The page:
THE LOST DAY by Judith Clarke

THE LOST DAY

Age Range: 12 - 15
Email this review

KIRKUS REVIEW

Clarke (Al Capsella and the Watchdogs, 1991) strews this dark comedy with caricatured adults and older Melbourne teenagers clinging to adolescence. After another Saturday night making the club scene, Jasper (who is 19 and a brick salesman by day) stumbles home, losing his mate Vinny somewhere along the way. He assumes Vinny will show up, but he’s wrong; Vinny is not at any of his friends’ homes, doesn’t pick up his car from Jasper, and doesn’t show up for his job at the car wash on Sunday. An anxious hunt begins. Using at least ten points of view, plus a variety of ominous dreams, nameless feelings of dread, and the like, Clarke creates a patchy, faintly suspenseful tale in which the cast’s love lives, private yearnings, and apprehension at the looming prospect of adulthood share the front seat with the central mystery. Yet neither the satire nor the cautionary message are delivered with any particular zing. Readers may have dismissed the entire episode by the time Vinny reappears late Sunday night, groggy but unharmed, having blithely accepted a ride and a spiked drink from a seemingly inoffensive stranger, and woken up on a train with no memory of the past 12 hours. (glossary) (Fiction. 12-15)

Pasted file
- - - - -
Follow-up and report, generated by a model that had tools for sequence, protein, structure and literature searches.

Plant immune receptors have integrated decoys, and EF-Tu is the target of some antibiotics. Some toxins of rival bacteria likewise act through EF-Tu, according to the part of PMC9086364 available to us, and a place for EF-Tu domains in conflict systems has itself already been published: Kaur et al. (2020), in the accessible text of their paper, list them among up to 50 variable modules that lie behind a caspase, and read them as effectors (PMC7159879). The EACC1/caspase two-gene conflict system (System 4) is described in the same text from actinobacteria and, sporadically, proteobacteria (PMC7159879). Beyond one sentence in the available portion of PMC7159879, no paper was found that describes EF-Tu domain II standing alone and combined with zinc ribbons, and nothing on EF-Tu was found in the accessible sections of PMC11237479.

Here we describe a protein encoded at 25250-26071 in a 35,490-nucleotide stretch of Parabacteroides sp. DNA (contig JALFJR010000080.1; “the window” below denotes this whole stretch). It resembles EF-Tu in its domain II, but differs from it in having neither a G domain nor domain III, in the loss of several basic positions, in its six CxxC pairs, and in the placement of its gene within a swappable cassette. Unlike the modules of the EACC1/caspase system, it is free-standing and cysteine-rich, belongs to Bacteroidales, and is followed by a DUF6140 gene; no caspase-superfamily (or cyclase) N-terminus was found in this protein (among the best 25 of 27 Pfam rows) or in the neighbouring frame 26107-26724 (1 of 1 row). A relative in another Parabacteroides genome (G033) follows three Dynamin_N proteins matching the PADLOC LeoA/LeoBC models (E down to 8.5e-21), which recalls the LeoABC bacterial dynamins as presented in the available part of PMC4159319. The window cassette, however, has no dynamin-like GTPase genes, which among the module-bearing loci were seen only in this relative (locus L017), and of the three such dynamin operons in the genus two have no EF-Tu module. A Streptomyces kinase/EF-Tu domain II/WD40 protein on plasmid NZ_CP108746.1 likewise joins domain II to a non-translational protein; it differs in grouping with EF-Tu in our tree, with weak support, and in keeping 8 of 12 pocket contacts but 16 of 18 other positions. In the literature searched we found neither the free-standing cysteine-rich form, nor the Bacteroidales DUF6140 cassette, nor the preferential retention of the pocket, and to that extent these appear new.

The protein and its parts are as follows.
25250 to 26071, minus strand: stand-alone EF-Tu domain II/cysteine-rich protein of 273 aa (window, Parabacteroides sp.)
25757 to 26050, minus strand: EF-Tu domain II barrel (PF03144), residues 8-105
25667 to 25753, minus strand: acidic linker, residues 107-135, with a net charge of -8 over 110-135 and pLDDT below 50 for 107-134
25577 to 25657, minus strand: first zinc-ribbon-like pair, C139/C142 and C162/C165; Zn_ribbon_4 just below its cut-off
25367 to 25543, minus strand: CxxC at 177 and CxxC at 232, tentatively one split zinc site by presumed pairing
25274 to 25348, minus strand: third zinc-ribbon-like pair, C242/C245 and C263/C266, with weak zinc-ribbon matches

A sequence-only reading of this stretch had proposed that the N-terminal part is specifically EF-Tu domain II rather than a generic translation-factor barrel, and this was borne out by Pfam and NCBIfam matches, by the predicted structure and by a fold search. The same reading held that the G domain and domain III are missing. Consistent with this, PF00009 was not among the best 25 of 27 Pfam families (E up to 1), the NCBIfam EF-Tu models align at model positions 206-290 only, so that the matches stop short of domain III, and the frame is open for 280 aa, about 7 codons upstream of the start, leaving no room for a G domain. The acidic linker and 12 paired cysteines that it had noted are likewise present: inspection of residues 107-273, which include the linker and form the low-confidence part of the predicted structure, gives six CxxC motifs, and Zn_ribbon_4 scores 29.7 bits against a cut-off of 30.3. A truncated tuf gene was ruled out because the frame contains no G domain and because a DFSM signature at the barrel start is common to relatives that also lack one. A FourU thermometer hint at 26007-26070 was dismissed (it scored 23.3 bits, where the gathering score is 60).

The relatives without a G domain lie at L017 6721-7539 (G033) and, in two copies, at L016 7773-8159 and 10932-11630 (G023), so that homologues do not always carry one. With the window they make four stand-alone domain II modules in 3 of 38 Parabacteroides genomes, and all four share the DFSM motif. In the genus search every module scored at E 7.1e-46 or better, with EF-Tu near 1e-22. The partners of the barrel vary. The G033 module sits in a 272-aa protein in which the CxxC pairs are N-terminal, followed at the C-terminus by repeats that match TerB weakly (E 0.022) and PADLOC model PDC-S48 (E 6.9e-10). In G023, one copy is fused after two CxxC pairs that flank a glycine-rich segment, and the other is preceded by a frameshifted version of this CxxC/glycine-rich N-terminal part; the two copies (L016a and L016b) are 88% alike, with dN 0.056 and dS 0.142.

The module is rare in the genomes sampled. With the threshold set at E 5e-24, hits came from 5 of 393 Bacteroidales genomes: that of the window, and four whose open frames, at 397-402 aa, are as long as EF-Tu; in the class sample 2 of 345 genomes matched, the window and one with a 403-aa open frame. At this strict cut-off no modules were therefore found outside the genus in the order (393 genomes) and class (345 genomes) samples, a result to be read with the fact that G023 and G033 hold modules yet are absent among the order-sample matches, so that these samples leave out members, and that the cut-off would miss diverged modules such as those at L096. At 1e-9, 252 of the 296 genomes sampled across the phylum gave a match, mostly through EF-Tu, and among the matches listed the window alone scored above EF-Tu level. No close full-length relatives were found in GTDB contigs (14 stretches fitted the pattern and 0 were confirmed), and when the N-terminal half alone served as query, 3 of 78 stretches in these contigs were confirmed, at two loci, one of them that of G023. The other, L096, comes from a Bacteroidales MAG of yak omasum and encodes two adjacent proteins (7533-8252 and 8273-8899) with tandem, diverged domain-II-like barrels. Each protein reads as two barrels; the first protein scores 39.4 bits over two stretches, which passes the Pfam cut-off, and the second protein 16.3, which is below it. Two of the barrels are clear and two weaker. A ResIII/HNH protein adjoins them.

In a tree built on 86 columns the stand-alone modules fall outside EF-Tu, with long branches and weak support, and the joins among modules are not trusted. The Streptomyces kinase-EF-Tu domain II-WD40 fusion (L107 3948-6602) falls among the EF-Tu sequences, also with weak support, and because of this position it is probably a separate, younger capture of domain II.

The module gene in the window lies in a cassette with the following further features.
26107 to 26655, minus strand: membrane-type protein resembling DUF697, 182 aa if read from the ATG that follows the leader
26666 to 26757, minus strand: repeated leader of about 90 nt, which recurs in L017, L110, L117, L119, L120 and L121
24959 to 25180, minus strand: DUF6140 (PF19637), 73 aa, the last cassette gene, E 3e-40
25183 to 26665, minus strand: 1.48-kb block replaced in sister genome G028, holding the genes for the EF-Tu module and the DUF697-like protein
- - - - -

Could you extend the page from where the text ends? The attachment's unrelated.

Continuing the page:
Pub Date: Oct. 1st, 1999
ISBN: 0-8050-6152-5
Page count: 152pp
Publisher: Henry Holt
Review Posted Online:
Kirkus Reviews Issue: Oct. 1st, 1999